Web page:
There’s a recurring phrase that is uttered throughout this time of year. Not to each other, it’s not a common phrase like “Merry Christmas” or “Happy Holidays” or “Happy New Year” . . . nothing like that. It’s a phrase that I hear a lot . . .and it’s not just me. I know others who lost their spouse and they get it too:
“It must just be so hard this time of year.”
Well . . . sure, it’s kind of hard. But the thing is it’s not as hard as you think.
I know, I know, I’ve written about this before, here and on Good Enough Mother.
Still, I think it’s worth exploring just one more time.
Fall and Christmas are my favorite times of the year, they always have been. I absolutely marvel at the change in the scenery, the firey red leaves and the muted earth tones that nature herself foists upon us as the weather turns colder. The hardest part of the year . . . and it’s no coincidence that the blog started right then . . . was the fall that first year. I love the crisp change in the season and the ability to put on a warm sweater and then find the person you love and just hold them. It’s not sexual, it’s not lascivious, it’s sensual. It’s loving and close and just . . . warm, inside and out. I loved walking and hearing the leaves crunch under our feet. I loved making drinks after and warming up and relaxing and starting a fire and just enjoying the season.
Christmas was the same. It was stressful, painful, difficult, expensive, and just plain ridiculous. I loved every m
inute of it.
That first Fall and Christmas were really hard for me and I don’t remember much about them. Sure, I remember the presents and how the kids reacted, but the season? Nothing.
But we made it through the cold. It was a hard fought year, not one without its own stresses, but we made it. We’re okay. That’s hard for people to understand or believe, that we could possibly be okay. I get that, it’s hard to imagine what you would do if the circumstances happened to you. I didn’t have to imagine.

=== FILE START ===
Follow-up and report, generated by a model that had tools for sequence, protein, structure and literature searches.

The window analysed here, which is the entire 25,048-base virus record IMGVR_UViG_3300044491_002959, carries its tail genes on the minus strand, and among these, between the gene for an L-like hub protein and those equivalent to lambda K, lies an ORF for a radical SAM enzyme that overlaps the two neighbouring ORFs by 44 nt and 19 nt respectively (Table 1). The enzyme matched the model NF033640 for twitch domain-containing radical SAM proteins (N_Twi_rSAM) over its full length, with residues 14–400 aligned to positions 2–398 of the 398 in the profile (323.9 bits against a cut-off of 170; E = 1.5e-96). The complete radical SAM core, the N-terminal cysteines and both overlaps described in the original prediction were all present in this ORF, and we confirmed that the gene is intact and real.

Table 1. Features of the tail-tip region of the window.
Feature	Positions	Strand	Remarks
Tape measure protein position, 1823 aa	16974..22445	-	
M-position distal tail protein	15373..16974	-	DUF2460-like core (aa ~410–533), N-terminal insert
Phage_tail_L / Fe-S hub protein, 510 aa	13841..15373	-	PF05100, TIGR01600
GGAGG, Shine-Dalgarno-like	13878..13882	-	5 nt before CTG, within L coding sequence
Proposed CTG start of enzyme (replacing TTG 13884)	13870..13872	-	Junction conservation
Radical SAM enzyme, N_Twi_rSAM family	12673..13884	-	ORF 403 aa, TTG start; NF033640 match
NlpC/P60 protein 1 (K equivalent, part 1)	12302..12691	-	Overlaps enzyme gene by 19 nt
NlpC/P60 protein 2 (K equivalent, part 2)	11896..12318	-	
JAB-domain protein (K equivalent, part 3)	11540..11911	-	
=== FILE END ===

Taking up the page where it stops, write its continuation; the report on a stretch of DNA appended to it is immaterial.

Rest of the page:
Still, last Christmas was great. This one . . . though we don’t have as much money and I couldn’t get us out to visit my folks . . . it’s still great. Why? The kids and I are together and that’s all that matters. We’re stronger together than when we’re apart.
As much as I love this time of year, last year I still woke up every morning having to adjust to the emptiness next to me in the bed. This year I get up and do my routine. That’s not losing her, that’s living with living without her.
It was important to me . . . the kids . . . all the family that we not lose the holidays to our loss. It would be so easy to despair and make it a horrible time of year. Instead, we embraced the holiday. We bought the tree, we listened to Vince Guaraldi’s Christmas record, and we didn’t let little things get to us.
Tonight I made two pies, tarts and cookies. We have the stuff for Christmas meal. We have the stuff we need for the holiday. I’m not sad, I’m excited. The routines that could have killed us I embrace and enjoy.
So tomorrow night . . . well, tonight, since it’s now after Midnight as I write this, I’ll prepare for the big guy in the red suit to get credit for being the Christmas hero. I’ll do what I’ve done every Christmas Eve since we lived in Texas . . . I’ll turn on one of my favorite movies – The Apartment with Jack Lemmon, and ready the house for Santa’s presents. I’ll take a moment to realize my own Miss Kubelik isn’t here but still love every minute of the exhaustion that the season brings with it. Sure, I’ll have twinges and memories. That wound inside will always have moments that hurt. Sights, smells, songs, even routines and traditions will bring that. But it’s about remembering and honoring as much as it is moving forward. The kids and I deserve to have great, happy, Merry Christmases.
It’s not about loss, you see. It’s about life.